McCurdy speaking at HPC meeting

The leader of the Save Pocatello High School movement, Steven McCurdy, addresses the Pocatello Historic Preservation Commission on Wednesday night at Pocatello City Hall. McCurdy had twice been denied an opportunity to speak during previous commission meetings in February and April.

POCATELLO — Not only did the Pocatello Historic Preservation Commission allow the leader of the Save Pocatello High School group a chance to speak at its Wednesday meeting, but it will also let him talk at future meetings with agenda items concerning the multi-million dollar renovation of the school.

Though Steven McCurdy used some of his five minutes during the Wednesday meeting at City Hall to complain about only receiving five minutes to speak, he did thank the commission for its decision to reverse course after it had twice prevented him from making any public statements about the matter in recent months.

“I know that you have great concern for Pocatello, its historic architecture and Pocatello High School,” said McCurdy, who graduated from the school in 1978 and now lives in Utah. “Save Pocatello High School’s concerns and the alternative plans that we have in development deserves more than five minutes. It’s a serious plan that deserves serious discussion and equal opportunity under the law.”

During his five minutes, McCurdy acknowledged the commission’s primary obligation is to serve as a fact-finding body regarding requests to make changes to historic buildings in the city. He also cited a state statute that says public meetings must be held in a venue free from discriminatory practices.

He believes the commission’s current practice of handling certificates of appropriateness is discriminatory. Certificates of appropriateness are documents the commission issues allowing owners of properties within the historic district to alter their buildings in any way — in this case it allows Pocatello/Chubbuck School District 25 to make structural changes to the front of Pocatello High School.

“(The commission’s process) treats the school district like a person, a right never given to a public entity,” McCurdy said. “Denying a voice to anyone who can provide information that may be helpful for making an informed decision about the buildings of public concern is counterproductive, inherently unfair and ultimately, I believe, a violation of law.”

The Save Pocatello High School group, which has over 400 followers on its Facebook page and has attracted over 2,000 signatures on a petition calling on the district to reopen the project for public comment, is not against the planned renovation goal of providing accessibility to the administrative offices of the school to those with disabilities, McCurdy said.

“We want Pocatello High School to have ADA access, but we ask, ‘Is there a better way?’” McCurdy said. “Can we provide access while maintaining the current 1930s facade? The answer is yes.”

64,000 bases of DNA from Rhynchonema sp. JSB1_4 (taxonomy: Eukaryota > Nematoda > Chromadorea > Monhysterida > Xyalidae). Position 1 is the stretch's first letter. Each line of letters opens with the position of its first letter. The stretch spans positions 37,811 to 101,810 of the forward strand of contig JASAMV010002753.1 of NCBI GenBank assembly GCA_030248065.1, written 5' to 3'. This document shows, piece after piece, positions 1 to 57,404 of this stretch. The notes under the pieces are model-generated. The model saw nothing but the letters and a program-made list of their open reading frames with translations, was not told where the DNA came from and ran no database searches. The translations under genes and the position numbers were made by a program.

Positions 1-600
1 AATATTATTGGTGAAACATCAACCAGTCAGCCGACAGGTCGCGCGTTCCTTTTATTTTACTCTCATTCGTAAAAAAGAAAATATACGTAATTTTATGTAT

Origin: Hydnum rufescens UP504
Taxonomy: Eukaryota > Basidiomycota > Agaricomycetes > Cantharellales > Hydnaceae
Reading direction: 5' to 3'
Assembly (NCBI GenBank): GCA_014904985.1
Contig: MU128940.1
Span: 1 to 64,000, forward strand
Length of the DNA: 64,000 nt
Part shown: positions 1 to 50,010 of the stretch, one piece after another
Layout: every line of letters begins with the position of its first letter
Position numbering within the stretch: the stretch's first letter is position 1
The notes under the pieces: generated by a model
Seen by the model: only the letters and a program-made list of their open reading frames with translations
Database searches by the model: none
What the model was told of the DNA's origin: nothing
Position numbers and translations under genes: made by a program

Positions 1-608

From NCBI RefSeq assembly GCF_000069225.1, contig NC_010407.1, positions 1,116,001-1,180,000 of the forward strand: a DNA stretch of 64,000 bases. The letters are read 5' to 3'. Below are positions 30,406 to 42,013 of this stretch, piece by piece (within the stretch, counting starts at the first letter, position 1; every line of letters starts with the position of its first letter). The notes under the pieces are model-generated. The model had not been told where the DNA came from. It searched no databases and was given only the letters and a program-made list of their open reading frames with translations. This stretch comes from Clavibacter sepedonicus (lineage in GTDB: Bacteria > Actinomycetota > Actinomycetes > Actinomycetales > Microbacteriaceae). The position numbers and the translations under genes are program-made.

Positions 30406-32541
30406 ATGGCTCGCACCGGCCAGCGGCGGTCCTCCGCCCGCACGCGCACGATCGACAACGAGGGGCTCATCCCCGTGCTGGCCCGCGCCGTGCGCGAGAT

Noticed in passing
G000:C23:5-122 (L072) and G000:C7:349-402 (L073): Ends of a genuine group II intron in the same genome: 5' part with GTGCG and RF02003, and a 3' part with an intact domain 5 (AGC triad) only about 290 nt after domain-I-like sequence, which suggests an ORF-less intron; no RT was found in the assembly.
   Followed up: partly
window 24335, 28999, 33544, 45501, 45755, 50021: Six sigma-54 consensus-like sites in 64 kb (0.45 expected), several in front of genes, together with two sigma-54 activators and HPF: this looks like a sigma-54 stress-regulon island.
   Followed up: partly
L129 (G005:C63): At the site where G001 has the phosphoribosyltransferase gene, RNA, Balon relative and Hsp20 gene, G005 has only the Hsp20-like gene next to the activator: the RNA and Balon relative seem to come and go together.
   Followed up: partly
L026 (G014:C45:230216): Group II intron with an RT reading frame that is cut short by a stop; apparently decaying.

McCurdy went on to question certain aspects of the school district’s original request for proposal involving the planned renovation in comparison to a secondary design of one element of the project.

The original request for proposal included changes to the front of the school, known as phase one, and the construction of a commons area and instructional classroom space that would connect the two main buildings of the school, referred to as phase two. While the front entrance plans and designs never changed, large underground utility lines between the school’s two main buildings resulted in the district redesigning the commons and classroom area plans.

McCurdy argued the new design of the the commons and classroom area plan fails to meet all of the goals in the request for proposals, which included increasing student safety by connecting the main building with the auditorium and gymnasium areas, providing ADA accessibility to the main and upper floors of the school, providing additional classrooms and commons areas to accommodate increased student enrollment and helping alleviate lunchroom congestion and lack of space in basement cafeteria.

Goals for the overall project have not changed despite the adjustment to some parts of the plan.

However, McCurdy said the new plan does not meet the goals because the added space is not large enough, and no ADA accessibility will be provided to the basement level and cafeteria area of the secondary building.

But the original and subsequent plans never included a goal of providing ADA access to those locations, according to School District 25 spokeswoman Courtney Fisher.

McCurdy then asked the commission to allow public comment when the district requests certificates of appropriateness for future phases of the plan.

After McCurdy’s time expired, the chairman of the commission, Nick Neilson, provided comments of his own. He discussed the previous interactions between McCurdy and the commission and how the commission will handle future matters involving the renovations to Pocatello High School.

Nielson also relayed compliments to the commission from Pocatello Mayor Brian Blad about their service as volunteers and the hard work they do for the city. He then discussed how municipal code prohibits the commission from obtaining public comment on certificates of appropriateness, but said that he would allow McCurdy an opportunity to speak for five minutes during future meetings in the spirit of ensuring this process becomes, and remains, constructive.

“I allowed Mr. McCurdy the opportunity to speak tonight … at my discretion and solely as a courtesy to Mr. McCurdy and the Save Pocatello High School group,” Nielson said. “In the future, I plan to exercise the same discretion and allow the same amount of time to the Save Pocatello High School group at the meeting we address the certificate of appropriateness for phase two.”

Reporter Shelbie Harris can be reached at 208-239-3525. Follow him on Twitter: @shelbietharris.